Artists like myself that lived and worked in the booming era of the late 80s/early 90s have a lot to be grateful for. Many of us saw the world and owe our current careers to the time and finances the labels invested in us all. But for those that think it was all wine and roses during that era… after not releasing a fourth album for Polygram/Mercury I received a letter of discontinuing business with DRN from the company.
It was surprising, but not so shocking to learn that after selling over 1.8 million records worldwide over three albums, we were 1.9 million dollars in debt to the label.
Now an artist can sell a few thousand copies if he/she/they work hard enough online and on the road and finance building their own home studio, and survive… so times have changed, but for the better I would argue.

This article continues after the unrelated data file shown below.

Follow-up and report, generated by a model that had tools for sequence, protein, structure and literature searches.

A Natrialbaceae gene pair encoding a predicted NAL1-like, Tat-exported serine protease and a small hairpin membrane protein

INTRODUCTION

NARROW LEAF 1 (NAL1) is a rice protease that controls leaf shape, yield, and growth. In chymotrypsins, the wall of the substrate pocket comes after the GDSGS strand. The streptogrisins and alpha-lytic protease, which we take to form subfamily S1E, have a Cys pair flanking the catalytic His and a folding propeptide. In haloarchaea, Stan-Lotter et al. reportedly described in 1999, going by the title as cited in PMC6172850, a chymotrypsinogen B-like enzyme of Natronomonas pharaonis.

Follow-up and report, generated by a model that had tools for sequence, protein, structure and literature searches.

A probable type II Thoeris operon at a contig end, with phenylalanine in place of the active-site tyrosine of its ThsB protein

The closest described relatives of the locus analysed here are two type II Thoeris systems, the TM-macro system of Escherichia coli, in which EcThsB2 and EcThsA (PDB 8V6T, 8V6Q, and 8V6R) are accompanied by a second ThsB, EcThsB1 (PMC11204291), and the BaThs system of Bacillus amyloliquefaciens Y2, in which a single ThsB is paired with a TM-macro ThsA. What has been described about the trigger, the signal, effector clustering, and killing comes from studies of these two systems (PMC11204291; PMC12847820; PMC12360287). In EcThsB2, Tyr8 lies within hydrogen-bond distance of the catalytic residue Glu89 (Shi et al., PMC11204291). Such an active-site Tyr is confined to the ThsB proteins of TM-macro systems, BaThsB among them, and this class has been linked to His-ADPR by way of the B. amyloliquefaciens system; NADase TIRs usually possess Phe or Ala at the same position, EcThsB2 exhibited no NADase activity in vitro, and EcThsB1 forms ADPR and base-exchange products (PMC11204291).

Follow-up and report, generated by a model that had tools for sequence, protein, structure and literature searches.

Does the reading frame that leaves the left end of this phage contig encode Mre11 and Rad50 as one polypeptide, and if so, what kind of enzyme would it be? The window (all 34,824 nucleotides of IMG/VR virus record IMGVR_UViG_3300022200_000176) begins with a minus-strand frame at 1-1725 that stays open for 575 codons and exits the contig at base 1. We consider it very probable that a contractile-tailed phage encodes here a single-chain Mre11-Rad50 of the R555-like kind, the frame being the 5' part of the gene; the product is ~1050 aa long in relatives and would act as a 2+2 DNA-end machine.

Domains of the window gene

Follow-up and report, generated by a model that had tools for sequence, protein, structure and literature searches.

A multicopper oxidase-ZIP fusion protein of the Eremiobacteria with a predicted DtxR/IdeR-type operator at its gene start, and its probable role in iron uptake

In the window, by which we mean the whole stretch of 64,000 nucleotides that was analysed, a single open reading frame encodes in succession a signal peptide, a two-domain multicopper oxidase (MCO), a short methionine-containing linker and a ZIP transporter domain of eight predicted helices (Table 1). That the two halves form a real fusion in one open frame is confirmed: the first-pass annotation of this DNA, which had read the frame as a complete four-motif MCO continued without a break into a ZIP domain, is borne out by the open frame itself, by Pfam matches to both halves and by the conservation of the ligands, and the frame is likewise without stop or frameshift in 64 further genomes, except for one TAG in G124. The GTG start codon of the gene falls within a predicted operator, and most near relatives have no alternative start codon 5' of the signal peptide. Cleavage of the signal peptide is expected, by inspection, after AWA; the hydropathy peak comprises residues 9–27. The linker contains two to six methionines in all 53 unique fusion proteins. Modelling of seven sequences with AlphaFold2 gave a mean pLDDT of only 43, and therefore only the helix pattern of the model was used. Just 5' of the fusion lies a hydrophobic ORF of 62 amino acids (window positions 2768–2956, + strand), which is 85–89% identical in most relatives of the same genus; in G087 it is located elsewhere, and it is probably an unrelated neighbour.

The power of so many record company execs has been decreased, while the power of the artist to design and direct their own career has been increased. In a time when we are truly interconnected, economically, environmentally and electronically, we truly are becoming ‘one’. The borders of countries, and patriotism to ideologies, flags, and religions are melting away, and the arts has always and will always, lead the way in bringing us together.
So if a career in music is your goal spend more and more time and energy on developing your online presence, and loosen the grip on the idea of ‘getting signed’. Most importantly keep writing, recording and playing live. The basics is where it started and will no doubt be where it continues to start in the future.
Thank you for reading, and I wish all who are pursuing a life of creating music good fortune and inspiring performances!